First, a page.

I have a virtual SQL Server 2016 SP2 CU2 with SAN storage. TempDB has 8 files. I know it is recommended to put TempDB on SSD but TempDB is hardly used so spinning disks are cheaper.
I've noticed that sometimes their is write latency on all my TempDB files of approx 200ms. I checked this using a snapshot on
sys.dm_io_virtual_file_stats and calculated
The first thing I did was look at
sys.dm_exec_query_stats to check if there was a query with high number of spills but no such query. Next I wrote an extended event to look if there where queries executed on tempdb but also this returned nothing.
So where does the write latency come from? I decided to track the
file_write_completed event on tempdb. Here I saw that on moment of the latency that session 22 wrote something with a size of 8192 (don't know the unit) to all files of tempdb. In
sys.dm_exec_sessions the last command of this session was 'RESOURCE MONITOR'.
The first thing I did was checking
sys.dm_os_ring_buffers with following query:
SELECT EventTime, record.value('(/Record/ResourceMonitor/Notification)', 'varchar(max)') as [Type], record.value('(/Record/ResourceMonitor/IndicatorsProcess)', 'int') as [IndicatorsProcess], record.value('(/Record/ResourceMonitor/IndicatorsSystem)', 'int') as [IndicatorsSystem], record.value('(/Record/MemoryRecord/AvailablePhysicalMemory)', 'bigint')/1024. AS [Avail Phys Mem, MB], record.value('(/Record/MemoryRecord/AvailableVirtualAddressSpace)', 'bigint') AS [Avail VAS, Kb] FROM ( SELECT DATEADD (ss, (-1 * ((cpu_ticks / CONVERT (float, ( cpu_ticks / ms_ticks ))) - [timestamp])/1000), GETDATE()) AS EventTime, CONVERT (xml, record) AS record FROM sys.dm_os_ring_buffers CROSS JOIN sys.dm_os_sys_info WHERE ring_buffer_type = 'RING_BUFFER_RESOURCE_MONITOR') AS tab ORDER BY EventTime DESC;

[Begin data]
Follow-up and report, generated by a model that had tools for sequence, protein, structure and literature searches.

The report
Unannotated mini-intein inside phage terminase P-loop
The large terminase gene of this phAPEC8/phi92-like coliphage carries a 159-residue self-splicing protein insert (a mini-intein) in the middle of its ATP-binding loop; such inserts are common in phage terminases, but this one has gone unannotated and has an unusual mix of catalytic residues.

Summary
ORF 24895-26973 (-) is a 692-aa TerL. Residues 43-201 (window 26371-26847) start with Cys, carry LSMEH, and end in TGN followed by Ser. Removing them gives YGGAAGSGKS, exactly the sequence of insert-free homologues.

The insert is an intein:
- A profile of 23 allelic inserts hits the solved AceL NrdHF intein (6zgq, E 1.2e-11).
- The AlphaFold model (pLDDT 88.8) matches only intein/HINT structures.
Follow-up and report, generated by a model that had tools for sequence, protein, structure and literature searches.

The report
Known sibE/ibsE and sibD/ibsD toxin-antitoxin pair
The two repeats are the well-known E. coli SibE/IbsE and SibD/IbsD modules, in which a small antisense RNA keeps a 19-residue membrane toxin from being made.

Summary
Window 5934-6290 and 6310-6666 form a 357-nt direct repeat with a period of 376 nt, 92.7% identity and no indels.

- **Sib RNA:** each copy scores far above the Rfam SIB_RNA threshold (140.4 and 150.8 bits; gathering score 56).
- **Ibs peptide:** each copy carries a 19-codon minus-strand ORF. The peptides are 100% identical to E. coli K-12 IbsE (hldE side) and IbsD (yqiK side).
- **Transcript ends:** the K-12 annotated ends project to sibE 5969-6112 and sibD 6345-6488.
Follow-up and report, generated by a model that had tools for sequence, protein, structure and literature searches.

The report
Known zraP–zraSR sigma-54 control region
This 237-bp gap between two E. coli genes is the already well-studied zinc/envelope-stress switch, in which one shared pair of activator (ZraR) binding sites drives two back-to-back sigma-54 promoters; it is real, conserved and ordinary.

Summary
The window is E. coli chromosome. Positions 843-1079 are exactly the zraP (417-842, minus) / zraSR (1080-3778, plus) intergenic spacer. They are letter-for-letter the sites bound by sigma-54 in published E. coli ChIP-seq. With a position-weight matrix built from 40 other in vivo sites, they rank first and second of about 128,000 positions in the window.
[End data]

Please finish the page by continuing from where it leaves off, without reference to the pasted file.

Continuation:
But again the result of the query didn't match with the moment of latency.
I also monitored the tempdb-drive with perfmon, using the counters 'Avg. Disk sec/Write' and 'Current Disk Queue Length'. On moment of latency the latency was 6ms and the queue length was 18.
I ran CrystalDiskMark and this is the avg result of multiple runs:
╔═════════════╦═══════════╦═════════╦══════════╦═══════╗ ║ ║ seq Q32T1 ║ 4k q8T8 ║ 4K Q32T1 ║ 4Q1T1 ║ ╠═════════════╬═══════════╬═════════╬══════════╬═══════╣ ║ Read(MB/s) ║ 1596,57 ║ 505,77 ║ 336,27 ║ 20,94 ║ ║ Write(MB/s) ║ 591,01 ║ 127,6 ║ 87,87 ║ 2,74 ║ ╚═════════════╩═══════════╩═════════╩══════════╩═══════╝
After some extended research I discovered that on moment of latency the lazy writer process starts flushing pages to disk. If I understand correctly, SQL Server removes the least used pages (dirty and clean) from the buffer pool when memory is needed.
So If above is correct, I should see high number of physical reads at moment of latency, this I will investigate further.
Also at moment of latency there are no checkpoints running.
This is my conclusion so far:
- Resource Monitor is writing to Tempdb (detected with extended events, what/why is written I don't know)
- Lazy Writer process is flushing pages from bufferpool because memory is needed. (I don't think this can cause write latency on Tempdb)
All this looks like signs of memory pressure to me. But what I don't understand is why is this causing write latency on Tempdb? What can I do to investigate this problem further?